Seven Poems from Illinois State Festival Writer Magazine

We Sit Together Friday Evening

…and Elizabeth says she knows this to be true:
Each step defines patterns on the earth below my feet
in a lonely dance of circular footprints that spiral, reverse,
edge forward, drop back, until the beginning becomes the end.

She is aware that I don the cloak of a smile each evening,
its fiber thinned to a ghost that floats across each room.
Elizabeth counsels patience, says this is the path I chose.
Still, she knows one sip will not diminish my thirst.

She is intimate with the literature of my existence,
dry habits that hold these eyes to each familiar page.
That there is no rising action from which I cannot anticipate
a fall, that there is no more, no less, than this hour, this day.

On a morning when I have settled, opened my book to a page
where I thought my place had been, the journey is new.
A stranger offers secrets, treasure, undeclared gold that fills
the empty pockets of my day, and soon, I begin the leaving.

I wrap my hope in precious cloth and hide it. Terrified,
I want, and then despair, that my breath might slow again
to a static rhythm, that the blunt thrust of this wandering heart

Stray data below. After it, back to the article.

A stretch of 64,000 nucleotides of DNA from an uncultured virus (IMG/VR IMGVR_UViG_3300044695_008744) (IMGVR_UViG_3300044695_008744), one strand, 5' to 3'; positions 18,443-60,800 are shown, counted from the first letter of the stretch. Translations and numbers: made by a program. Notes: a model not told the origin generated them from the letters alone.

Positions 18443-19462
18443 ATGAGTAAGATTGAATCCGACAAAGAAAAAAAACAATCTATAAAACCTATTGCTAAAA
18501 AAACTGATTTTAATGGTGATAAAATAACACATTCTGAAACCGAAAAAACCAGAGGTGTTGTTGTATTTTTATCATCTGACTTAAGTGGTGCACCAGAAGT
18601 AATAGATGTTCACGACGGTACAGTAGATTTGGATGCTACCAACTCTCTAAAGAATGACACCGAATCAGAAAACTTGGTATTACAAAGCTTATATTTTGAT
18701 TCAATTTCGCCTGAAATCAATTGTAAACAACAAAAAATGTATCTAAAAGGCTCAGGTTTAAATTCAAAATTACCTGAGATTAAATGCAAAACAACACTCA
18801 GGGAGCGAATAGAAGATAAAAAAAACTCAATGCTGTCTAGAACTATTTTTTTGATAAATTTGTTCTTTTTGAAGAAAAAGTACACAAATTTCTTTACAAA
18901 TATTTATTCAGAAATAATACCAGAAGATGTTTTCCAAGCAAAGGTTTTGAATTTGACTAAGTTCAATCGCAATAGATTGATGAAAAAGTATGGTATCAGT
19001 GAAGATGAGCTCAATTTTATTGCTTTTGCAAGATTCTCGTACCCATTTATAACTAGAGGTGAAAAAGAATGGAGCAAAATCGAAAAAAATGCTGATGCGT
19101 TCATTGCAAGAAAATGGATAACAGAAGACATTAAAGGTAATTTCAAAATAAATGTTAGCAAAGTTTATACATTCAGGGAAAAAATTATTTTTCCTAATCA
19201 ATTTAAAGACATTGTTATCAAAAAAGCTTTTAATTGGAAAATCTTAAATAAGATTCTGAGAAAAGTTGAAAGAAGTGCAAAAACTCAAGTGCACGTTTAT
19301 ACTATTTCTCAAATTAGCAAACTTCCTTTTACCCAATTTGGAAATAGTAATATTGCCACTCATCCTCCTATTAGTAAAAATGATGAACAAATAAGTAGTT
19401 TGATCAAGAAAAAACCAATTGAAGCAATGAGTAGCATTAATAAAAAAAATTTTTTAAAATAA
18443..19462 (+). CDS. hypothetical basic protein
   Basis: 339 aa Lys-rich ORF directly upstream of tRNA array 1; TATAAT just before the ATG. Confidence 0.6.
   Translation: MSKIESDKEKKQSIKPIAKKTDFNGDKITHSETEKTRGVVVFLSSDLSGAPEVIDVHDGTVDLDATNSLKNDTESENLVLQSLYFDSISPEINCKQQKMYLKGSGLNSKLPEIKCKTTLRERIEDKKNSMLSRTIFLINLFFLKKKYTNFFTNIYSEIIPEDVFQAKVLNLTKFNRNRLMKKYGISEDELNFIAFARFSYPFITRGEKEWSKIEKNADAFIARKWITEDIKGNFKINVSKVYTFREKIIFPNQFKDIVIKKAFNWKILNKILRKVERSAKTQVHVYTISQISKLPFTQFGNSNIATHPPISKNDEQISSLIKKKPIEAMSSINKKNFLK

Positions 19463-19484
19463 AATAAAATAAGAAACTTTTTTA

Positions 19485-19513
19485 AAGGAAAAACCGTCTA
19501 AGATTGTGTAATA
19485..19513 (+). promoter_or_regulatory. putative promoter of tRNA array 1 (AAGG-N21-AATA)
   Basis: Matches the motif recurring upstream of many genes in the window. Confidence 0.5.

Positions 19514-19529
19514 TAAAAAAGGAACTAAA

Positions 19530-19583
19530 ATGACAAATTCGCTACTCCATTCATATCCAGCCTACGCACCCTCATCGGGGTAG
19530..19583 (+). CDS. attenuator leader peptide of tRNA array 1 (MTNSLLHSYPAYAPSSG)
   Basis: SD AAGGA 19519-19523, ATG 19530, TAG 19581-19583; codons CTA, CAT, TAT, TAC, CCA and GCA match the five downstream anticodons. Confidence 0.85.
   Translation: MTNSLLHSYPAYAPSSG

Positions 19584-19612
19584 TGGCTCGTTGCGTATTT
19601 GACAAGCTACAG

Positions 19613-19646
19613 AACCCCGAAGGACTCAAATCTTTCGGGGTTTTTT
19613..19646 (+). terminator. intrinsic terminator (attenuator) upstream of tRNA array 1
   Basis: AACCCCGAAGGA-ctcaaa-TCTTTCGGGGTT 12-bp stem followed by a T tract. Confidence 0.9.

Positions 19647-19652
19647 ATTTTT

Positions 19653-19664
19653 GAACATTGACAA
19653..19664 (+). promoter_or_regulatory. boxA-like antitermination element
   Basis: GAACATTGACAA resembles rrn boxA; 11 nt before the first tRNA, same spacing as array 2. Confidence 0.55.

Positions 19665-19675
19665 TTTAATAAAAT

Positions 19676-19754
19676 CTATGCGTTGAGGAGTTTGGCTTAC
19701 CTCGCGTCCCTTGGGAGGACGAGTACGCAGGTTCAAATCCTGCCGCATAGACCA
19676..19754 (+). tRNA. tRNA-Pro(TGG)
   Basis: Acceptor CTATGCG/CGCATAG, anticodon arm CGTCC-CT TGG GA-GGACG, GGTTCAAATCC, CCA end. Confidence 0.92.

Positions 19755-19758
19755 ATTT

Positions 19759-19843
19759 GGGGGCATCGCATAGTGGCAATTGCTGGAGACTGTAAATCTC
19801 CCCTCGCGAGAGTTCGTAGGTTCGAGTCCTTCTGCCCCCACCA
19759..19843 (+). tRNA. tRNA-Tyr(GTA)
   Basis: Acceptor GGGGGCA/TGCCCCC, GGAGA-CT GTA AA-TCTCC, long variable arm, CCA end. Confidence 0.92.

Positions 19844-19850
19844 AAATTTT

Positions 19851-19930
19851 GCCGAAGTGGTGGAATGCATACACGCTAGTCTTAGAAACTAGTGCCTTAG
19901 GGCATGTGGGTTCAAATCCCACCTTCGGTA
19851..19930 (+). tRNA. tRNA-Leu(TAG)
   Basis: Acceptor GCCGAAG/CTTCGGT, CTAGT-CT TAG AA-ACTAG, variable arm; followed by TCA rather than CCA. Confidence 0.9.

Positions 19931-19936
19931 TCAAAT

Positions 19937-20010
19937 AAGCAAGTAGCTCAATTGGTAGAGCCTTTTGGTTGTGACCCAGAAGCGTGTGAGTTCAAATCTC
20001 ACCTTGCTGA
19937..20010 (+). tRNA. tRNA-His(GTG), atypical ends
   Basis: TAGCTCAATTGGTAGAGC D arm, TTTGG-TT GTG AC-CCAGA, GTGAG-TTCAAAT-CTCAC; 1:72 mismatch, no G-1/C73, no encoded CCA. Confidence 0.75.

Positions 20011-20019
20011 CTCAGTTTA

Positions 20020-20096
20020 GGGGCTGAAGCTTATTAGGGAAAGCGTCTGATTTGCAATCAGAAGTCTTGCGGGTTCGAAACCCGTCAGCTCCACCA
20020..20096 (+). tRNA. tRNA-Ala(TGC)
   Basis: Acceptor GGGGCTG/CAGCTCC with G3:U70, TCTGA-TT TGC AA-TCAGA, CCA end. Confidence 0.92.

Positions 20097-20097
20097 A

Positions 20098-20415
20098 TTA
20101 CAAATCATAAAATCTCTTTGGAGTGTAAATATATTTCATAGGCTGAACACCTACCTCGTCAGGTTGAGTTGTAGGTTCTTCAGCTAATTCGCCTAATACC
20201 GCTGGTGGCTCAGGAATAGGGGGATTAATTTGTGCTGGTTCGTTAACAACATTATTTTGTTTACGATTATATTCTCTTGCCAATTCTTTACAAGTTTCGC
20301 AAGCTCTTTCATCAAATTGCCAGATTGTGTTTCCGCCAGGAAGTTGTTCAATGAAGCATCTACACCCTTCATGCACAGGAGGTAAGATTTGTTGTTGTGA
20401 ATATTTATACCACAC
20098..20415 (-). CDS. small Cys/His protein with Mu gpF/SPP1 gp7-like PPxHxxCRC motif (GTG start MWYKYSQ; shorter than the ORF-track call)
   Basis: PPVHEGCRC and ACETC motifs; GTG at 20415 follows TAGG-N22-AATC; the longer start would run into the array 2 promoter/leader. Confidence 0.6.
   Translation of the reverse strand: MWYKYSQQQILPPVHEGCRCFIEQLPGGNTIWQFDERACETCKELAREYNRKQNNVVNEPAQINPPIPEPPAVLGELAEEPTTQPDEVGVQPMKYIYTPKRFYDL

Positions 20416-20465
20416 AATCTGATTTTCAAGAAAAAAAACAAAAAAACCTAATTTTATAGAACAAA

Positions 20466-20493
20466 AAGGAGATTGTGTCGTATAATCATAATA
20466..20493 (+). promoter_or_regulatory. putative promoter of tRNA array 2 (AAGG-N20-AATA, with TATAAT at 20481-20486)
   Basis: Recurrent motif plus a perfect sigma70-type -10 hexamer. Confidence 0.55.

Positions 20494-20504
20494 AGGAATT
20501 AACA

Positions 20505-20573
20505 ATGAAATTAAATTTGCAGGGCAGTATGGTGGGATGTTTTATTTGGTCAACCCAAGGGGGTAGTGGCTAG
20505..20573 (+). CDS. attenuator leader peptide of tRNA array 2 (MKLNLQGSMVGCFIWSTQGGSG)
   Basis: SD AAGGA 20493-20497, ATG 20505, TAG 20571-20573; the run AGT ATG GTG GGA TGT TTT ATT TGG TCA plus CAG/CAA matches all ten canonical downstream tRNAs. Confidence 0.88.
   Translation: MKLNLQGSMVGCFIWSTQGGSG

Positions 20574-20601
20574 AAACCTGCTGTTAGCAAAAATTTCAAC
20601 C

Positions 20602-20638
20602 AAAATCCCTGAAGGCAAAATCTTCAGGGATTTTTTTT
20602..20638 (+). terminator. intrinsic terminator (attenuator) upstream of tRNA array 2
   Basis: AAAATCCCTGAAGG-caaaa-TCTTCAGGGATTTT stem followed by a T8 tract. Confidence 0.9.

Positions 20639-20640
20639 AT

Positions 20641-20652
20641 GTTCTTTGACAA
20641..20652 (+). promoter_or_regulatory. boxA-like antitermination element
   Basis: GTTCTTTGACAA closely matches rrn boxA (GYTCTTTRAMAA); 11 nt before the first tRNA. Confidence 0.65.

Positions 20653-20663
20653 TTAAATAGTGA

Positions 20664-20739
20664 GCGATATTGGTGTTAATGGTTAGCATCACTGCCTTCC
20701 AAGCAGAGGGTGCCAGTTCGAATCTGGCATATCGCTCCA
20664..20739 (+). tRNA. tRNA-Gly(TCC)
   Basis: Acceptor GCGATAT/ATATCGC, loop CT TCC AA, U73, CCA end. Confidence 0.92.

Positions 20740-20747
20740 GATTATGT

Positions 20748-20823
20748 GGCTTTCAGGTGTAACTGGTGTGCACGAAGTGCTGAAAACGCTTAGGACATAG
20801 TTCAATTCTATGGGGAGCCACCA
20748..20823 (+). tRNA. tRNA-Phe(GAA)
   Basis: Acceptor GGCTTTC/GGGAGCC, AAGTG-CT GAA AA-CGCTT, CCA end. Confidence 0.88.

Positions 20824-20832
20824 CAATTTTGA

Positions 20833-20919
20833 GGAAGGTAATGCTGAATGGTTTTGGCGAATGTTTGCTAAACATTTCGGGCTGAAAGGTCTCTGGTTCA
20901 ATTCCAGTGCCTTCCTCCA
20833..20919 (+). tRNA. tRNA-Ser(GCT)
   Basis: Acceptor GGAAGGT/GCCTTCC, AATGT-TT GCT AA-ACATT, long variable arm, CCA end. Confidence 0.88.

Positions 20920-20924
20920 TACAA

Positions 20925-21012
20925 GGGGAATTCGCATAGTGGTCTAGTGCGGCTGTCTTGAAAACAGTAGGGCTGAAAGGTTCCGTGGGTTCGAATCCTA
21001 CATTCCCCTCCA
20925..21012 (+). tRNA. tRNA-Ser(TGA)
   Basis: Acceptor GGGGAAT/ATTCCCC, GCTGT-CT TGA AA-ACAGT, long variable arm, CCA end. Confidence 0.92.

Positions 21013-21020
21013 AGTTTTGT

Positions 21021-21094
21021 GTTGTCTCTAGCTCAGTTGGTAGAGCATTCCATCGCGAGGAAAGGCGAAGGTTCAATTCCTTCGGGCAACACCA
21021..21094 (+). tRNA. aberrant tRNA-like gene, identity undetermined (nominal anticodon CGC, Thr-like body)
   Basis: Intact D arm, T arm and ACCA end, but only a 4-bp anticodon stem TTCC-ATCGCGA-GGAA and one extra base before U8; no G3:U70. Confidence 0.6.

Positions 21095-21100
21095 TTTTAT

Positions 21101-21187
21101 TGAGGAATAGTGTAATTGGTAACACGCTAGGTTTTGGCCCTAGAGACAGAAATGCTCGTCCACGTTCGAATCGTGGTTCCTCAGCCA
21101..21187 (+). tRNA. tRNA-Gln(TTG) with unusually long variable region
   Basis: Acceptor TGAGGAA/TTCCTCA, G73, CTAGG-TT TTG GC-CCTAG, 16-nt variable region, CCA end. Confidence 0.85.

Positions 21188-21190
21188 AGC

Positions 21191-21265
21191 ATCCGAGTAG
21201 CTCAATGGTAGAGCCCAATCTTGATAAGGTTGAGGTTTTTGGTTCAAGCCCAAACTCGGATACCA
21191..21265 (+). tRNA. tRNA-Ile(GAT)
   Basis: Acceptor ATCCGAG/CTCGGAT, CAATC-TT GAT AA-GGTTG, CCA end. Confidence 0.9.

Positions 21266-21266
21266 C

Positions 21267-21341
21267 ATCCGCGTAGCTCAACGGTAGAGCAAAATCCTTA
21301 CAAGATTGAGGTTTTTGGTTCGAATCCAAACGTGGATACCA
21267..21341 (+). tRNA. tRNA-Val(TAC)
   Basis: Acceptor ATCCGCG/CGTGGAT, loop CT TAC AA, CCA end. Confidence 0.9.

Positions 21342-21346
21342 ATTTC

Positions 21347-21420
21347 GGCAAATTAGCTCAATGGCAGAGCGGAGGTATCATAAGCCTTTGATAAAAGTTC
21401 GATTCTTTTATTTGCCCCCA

will surrender to the dimensions of its cage.

I ask Elizabeth if she thinks this love I’ve found
may be a chapter that remains to be written.
Elizabeth tells me she does not know the answer,
but she offers a pen, a blank page. We begin


Finger Weaving A Voyageur Sash

Twine ribbons: gold, red, emerald, for his eyes
Her furrier trades, her babe a nascent flame.
Her hands keep weaving: Listen to the cries.

This sash will dip for water, tote supplies.
Spread beeswax forms the cup, deft hands the frame.
Twine ribbons: gold, red, emerald, for his eyes

A chevron pattern forms as threads embrace.
Skinned beaver pelts all sold, he paddles home.
Her hands keep weaving: Listen to the cries.

Skilled fingers work, a smile in place denies
approaching screams–perhaps a children’s game.
Twine ribbons: gold, red, emerald, for his eyes.

Her focus on each knot fast fingers tie
–not Frenchmen overrun, not bodies maimed.
Her hands keep weaving: Listen to the cries.

Night’s air awhirl, the sky shoots fireflies.
Sometimes, she bleeds black arrows in her dreams.
Twine ribbons: gold, red, emerald, for his eyes.

Sad voyageur, death swooped with swift surprise.
Thuds shake the door. A sister screams her name.
Her hands cease weaving: Listen to the cries.

Her lover, bones and ashes where he lies.
and still wild roses star far fields the same.
His sash weaves with the fire’s flames that rise
in ribbons: gold, red, emerald, for his eyes


Black and White

That little detail
in an old photograph,
seemingly insignificant–
that broken toy
on the ground,
a knowing daughter
frowns at her mother,
a fisted hand,
a missing earring,
that reckless weather
in a married lover’s gaze.
Each arrests our attention
out of all importance
to its ostensible place
in the composition
of things –That element
unveils a secret
with unintended power,